Nicholas Owens v. State of Indiana (mem. dec.)
Criminal. Affirms Nicholas Owens’ convictions for unlawful possession of a firearm by a serious violent felon as a Level 4 felony, possession of a narcotic as a Level 5 felony and resisting law enforcement as a Class A misdemeanor. Finds neither the admission of challenged evidence nor the fact that the Wayne Superior Court did not sua sponte bifurcate the proceedings require reversal.
Grace Akinlemibola v. Bolanle Sobande (mem. dec.)
Protective order. Affirms the denial of Grace Akinlemibola’s petition to renew a protective order against Bolanle Sobande. Finds the Hendricks Superior Court did not err.
Jonathan Flick v. State of Indiana (mem. dec.)
Criminal. Affirms Jonathan R. Flick’s conviction for Class B misdemeanor harassment. Finds the state presented sufficient evidence beyond a reasonable doubt to support Flick’s conviction for harassment. Also finds the Adams Superior Court did not err when it permitted a police officer to remain at the state’s table despite a separation-of-witnesses order.
Stanley Balcerak v. The Estate of Roger Craft (mem. dec.)
Estate, supervised. Affirms the denial of Stanley Balcerak’s motion to transfer property. Finds that even if the mention in a contract that Balcerake pay property taxes and agree to hold Roger Craft harmless and indemnify him constituted consideration, reversal is not warranted because Balcerak does not assert that he paid the property taxes pursuant to the contract, and the record does not reveal that he presented any evidence regarding the payment of property taxes. Also finds the Brown Circuit Court did not consider the argument raised at the hearing regarding whether Balcerak was entitled to some value for the improvement he made to the property. Remands for the trial court to consider that claim.
Shane Lewis Allen v. State of Indiana (mem. dec.)
Criminal. Affirms Shane Lewis Allen’s convictions of one count each of Class A misdemeanor resisting law enforcement, Class A misdemeanor refusal to leave an emergency area and Class B misdemeanor false informing, and his sentence to an aggregate of 365 days. Finds there was no error in the admission of State’s Exhibit 4. Also finds there is sufficient evidence to support Allen’s convictions of resisting law enforcement and refusal to leave an emergency incident area. Finally, finds his sentence is not inappropriate.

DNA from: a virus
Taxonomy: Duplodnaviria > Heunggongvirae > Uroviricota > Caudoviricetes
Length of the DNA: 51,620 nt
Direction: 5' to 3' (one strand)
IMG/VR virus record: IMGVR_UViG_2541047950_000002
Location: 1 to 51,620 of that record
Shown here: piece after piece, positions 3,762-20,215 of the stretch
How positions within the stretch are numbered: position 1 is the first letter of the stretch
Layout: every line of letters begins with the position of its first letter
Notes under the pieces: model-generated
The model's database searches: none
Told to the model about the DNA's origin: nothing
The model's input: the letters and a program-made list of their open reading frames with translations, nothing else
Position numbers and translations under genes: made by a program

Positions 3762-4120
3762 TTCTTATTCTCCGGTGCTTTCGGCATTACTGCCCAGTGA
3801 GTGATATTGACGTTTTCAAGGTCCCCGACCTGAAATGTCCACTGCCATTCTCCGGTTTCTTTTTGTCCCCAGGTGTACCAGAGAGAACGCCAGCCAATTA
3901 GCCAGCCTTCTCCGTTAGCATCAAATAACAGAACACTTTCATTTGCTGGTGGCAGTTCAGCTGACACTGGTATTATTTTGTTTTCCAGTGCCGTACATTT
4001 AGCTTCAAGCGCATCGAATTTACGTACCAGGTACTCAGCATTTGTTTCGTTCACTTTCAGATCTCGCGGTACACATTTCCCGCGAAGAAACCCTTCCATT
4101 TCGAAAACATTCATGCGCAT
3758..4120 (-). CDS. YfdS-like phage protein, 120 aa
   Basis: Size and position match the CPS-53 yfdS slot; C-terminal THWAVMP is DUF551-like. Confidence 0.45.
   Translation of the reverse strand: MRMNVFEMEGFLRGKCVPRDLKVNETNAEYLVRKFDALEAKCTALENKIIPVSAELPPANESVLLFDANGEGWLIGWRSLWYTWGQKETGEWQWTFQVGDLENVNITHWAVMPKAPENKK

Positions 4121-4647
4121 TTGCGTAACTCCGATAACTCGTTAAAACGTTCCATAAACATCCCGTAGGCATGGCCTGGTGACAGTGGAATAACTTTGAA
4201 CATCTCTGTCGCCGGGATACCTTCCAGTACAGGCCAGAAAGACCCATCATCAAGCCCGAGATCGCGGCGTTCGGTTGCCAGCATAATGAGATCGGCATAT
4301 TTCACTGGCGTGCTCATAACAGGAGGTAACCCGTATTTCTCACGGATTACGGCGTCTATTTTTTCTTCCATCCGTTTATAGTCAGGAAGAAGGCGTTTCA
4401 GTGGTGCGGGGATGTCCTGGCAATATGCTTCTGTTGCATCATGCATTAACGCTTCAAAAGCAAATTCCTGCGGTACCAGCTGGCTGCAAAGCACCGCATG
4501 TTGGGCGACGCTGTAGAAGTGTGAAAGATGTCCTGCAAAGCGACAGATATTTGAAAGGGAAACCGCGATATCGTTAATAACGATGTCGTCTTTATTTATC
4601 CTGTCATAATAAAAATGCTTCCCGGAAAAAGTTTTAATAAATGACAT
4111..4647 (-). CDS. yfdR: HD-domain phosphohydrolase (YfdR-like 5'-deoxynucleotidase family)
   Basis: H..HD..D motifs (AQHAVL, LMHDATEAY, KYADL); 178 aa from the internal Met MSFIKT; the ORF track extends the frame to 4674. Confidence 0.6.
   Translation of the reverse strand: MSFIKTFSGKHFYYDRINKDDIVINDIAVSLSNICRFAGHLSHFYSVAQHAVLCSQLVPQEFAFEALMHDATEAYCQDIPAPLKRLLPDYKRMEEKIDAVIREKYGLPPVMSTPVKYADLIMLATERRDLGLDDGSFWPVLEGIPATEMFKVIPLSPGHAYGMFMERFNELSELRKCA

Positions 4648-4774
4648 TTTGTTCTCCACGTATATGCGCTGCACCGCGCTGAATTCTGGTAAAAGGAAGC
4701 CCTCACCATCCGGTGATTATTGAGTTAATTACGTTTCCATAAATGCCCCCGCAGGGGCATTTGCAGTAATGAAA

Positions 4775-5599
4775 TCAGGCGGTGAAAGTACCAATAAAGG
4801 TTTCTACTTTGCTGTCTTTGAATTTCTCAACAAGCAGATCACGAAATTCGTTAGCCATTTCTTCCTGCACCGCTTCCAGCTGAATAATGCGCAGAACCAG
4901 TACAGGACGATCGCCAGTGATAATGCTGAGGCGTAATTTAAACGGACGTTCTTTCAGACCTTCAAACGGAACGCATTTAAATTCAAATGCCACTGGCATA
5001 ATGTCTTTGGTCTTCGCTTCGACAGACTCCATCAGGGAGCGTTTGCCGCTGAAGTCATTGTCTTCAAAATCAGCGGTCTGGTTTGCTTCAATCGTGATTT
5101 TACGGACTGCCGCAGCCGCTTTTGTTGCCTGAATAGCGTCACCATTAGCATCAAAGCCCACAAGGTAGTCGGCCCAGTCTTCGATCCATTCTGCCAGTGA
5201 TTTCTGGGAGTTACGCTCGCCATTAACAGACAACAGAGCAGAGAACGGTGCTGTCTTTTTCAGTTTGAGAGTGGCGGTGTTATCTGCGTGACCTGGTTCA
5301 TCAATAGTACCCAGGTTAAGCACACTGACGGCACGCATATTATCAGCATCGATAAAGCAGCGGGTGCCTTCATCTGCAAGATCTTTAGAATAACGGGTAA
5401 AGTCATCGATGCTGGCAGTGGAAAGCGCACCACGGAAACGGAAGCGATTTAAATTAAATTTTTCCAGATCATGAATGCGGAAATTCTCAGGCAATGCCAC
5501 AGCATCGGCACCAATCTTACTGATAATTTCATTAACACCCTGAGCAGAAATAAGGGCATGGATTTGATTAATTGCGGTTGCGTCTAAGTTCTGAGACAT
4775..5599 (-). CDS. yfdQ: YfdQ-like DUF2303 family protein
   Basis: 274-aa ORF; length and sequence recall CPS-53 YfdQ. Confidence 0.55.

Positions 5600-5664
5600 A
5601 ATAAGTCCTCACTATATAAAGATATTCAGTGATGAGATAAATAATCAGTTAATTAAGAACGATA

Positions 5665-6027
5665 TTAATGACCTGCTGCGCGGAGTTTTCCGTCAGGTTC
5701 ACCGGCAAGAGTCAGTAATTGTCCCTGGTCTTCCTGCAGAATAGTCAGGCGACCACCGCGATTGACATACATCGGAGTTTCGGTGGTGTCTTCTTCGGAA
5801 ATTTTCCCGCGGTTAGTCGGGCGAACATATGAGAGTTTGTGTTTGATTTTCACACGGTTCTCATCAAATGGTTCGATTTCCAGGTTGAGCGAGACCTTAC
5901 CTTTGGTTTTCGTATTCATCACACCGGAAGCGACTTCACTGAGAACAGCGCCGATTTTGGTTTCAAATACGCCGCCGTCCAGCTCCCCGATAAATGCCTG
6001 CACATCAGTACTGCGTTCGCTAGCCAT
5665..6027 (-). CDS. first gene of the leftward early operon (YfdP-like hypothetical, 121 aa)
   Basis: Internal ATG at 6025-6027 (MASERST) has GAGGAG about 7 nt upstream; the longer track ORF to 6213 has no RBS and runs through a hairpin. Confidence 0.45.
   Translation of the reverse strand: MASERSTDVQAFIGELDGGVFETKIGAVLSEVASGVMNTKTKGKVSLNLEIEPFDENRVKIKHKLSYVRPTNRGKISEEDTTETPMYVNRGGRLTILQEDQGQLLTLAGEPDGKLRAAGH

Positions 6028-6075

In the Matter of the Termination of the Parent-Child Relationship of: E.M., H.W., Ja.W. Hy.W., Je.W., and L.W. (Minor Children); J.W. (Mother) v. Indiana Department of Child Services (mem. dec.)
Juvenile termination of parental rights. Affirms the termination of mother J.W.’s parental rights to six of her children. Finds J.W. has not established that the challenged findings are clearly erroneous. Also finds the Orange Circuit Court did not err when it concluded there is a reasonable probability that the conditions leading to the children’s removal will not be remedied. Finally, finds the totality of the evidence supports the trial court’s determination that termination of J.W.’s parental rights is in the children’s best interests.
Travis Arthur Graham v. State of Indiana (mem. dec.)
Criminal. Affirms the revocation of Travis Arthur Graham’s probation. Finds the Hendricks Superior Court did not commit fundamental error when it revoked Graham’s probation and ordered him to serve the entirety of his previously suspended sentence. Also finds Graham was advised of his due process rights.
H.P. v. A.K. (mem. dec.)
Protective order. Affirms the grant of a protective order in favor of A.K. and against H.P. Finds the Allen Superior Court’s factual findings were sufficiently specific. Also finds the evidence supported the issuing of the protective order.
In the Termination of the Parent-Child Relationship of K.P. and A.P. (Minor Children) And K.P. (Mother) and J.P. (Father) v. Indiana Department of Child Services (mem. dec.)
Juvenile termination of parental rights. Affirms the termination of mother A.P. and father J.P.’s parental rights to A.P. and K.P. Finds the findings mother challenges are supporting by the record, which in turn supports the judgment. Also finds there was sufficient evidence to show that there is a reasonable probability that the reason for the children’s removal will not be remedied, and that termination of the parents’ rights is in the children’s best interests.
Rebecca K. Stuart v. State of Indiana (mem. dec.)
Criminal. Affirms Rebecca K. Stuart’s sentence to 30 years in the Department of Correction, with 23 years executed and seven years suspended to probation, for her convictions of two counts of dealing in methamphetamine as a Level 2 felony. Finds the Decatur Superior Court properly sentenced Stuart.
Marquise Javon Huntr v. State of Indiana (mem. dec.)
Criminal. Affirms the order for Marquise Javon Hunter to serve 365 days of his previously suspended sentence following revocation of his probation. Finds the Hamilton Superior Court did not abuse its discretion.